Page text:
‘Reorient… not rupture’: Biden defends Saudi visit in column | Mohammed bin Salman News
The US president wrote in The Washington Post that his visit will keep America “strong and safe” and human rights on the agenda.
US President Joe Biden has defended his upcoming visit to Saudi Arabia amid criticism that the trip represents a reverse slide in his administration’s commitments to human rights.
In an article published late Saturday in the Washington Post, Biden said the visit to the kingdom was important and ensured that the US remained “strong and safe”.
He added that he wanted to “reorient and not break ties” with the oil-rich Arab nation.
Biden’s visit to Saudi Arabia is part of wider Middle East tour from July 13 to July 16 including stops in Israel and the occupied West Bank.
“We must counter Russian aggression, put ourselves in the best position possible to compete with China, and work for more stability in a therefore part of the world,” Biden wrote.
“To do these things, we have to engage directly with the countries that can influence those outcomes,” he added.
“Saudi Arabia is one of them, and when I meet the leaders of Saudi Arabia on Friday, my goal will be to strengthen our future strategic partnership based on our interests. and shared responsibility, while staying true to fundamental American values.”
Experts say staying on top of the agenda during Biden’s stop in Jeddah will be the impetus to boost Saudi oil production in hopes of tame spiral fuel costs and inflation fueled by Russia’s invasion of Ukraine.
Biden said Saudi Arabia was “working with my experts to help stabilize the oil market with other OPEC.” [Organisation of the Petroleum Exporting Countries] producer “.
He also praised the kingdom’s support for The ceasefire is in progress in Yemen, where Riyadh has led a coalition against the Houthi rebels since 2015, as well as Saudi Arabia’s role in ending the Gulf Cooperation Council (GCC). crisis.
The rhetoric is part of the continuing journey away from the Biden administration previous promises boycotted the longtime ally after the US intelligence community directly linked Crown Prince Mohammed bin Salman (MBS) with the murder of journalist Jamal Khashoggi.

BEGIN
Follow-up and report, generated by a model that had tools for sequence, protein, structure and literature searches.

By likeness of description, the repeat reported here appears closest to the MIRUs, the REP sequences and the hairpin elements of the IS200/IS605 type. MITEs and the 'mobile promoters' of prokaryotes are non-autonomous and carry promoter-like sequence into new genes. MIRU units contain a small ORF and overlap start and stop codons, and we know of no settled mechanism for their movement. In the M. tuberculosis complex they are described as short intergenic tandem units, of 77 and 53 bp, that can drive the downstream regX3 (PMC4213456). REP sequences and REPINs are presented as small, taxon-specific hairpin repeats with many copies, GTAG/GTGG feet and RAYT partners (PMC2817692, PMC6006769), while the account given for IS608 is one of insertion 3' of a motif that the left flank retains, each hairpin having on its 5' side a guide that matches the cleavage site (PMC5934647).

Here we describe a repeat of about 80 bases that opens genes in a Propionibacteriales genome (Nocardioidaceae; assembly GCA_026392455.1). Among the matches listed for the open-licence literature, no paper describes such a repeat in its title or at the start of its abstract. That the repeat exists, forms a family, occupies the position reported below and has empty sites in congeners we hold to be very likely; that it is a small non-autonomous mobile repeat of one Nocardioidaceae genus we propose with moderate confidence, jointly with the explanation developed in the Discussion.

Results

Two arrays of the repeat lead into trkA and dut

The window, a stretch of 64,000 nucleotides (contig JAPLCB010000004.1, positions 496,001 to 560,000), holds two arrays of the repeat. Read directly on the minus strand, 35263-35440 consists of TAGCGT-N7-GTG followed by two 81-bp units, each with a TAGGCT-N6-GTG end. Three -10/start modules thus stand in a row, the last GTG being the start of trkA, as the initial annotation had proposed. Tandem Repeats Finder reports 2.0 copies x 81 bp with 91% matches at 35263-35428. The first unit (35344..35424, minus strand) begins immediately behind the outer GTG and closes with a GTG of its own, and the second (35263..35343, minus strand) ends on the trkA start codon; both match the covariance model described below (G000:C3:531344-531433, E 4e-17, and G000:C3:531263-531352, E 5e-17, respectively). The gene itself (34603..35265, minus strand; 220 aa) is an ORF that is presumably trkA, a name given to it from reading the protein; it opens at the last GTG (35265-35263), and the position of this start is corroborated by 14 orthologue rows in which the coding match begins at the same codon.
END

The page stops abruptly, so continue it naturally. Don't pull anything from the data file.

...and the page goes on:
Along the way, Biden has called Saudi Arabia the “bad guy” for their actions in Yemen and the murder of Khashoggi.
White House Spokesperson Jen Psaki, later intelligence report on Khashoggi, also suggested Biden would no longer deal directly with MBS, like his predecessor, former President Donald Trump, who maintained close relations with the kingdom.
Earlier this week, however, Washington confirmed that MBS would attend a bilateral meeting between Biden and King Salman’s “leadership team” during the trip.
“I know that many people disagree with my decision to travel to Saudi Arabia,” Biden wrote in The Washington Post.
“My position on human rights is clear and old, and fundamental freedoms are always on the agenda when I travel abroad, just as they will be on this trip,” he said. added, referring directly to Khashoggi’s murder.
Biden also wrote that the trip would be part of the broader effort to reinstate the 2015 Iran nuclear deal, which Riyadh opposed and Trump withdrew from in 2018.
He added the visit would support continued normalization between Israel and Arab countries after the so-called Abrahamic Agreement, noting that he would be the first US president to fly from Israel to Saudi Arabia during the visit. next week.
The journey will be “a small symbol of the budding relationship and steps towards normalization between Israel and the Arab world, which my administration is working to deepen and expand,” he wrote. .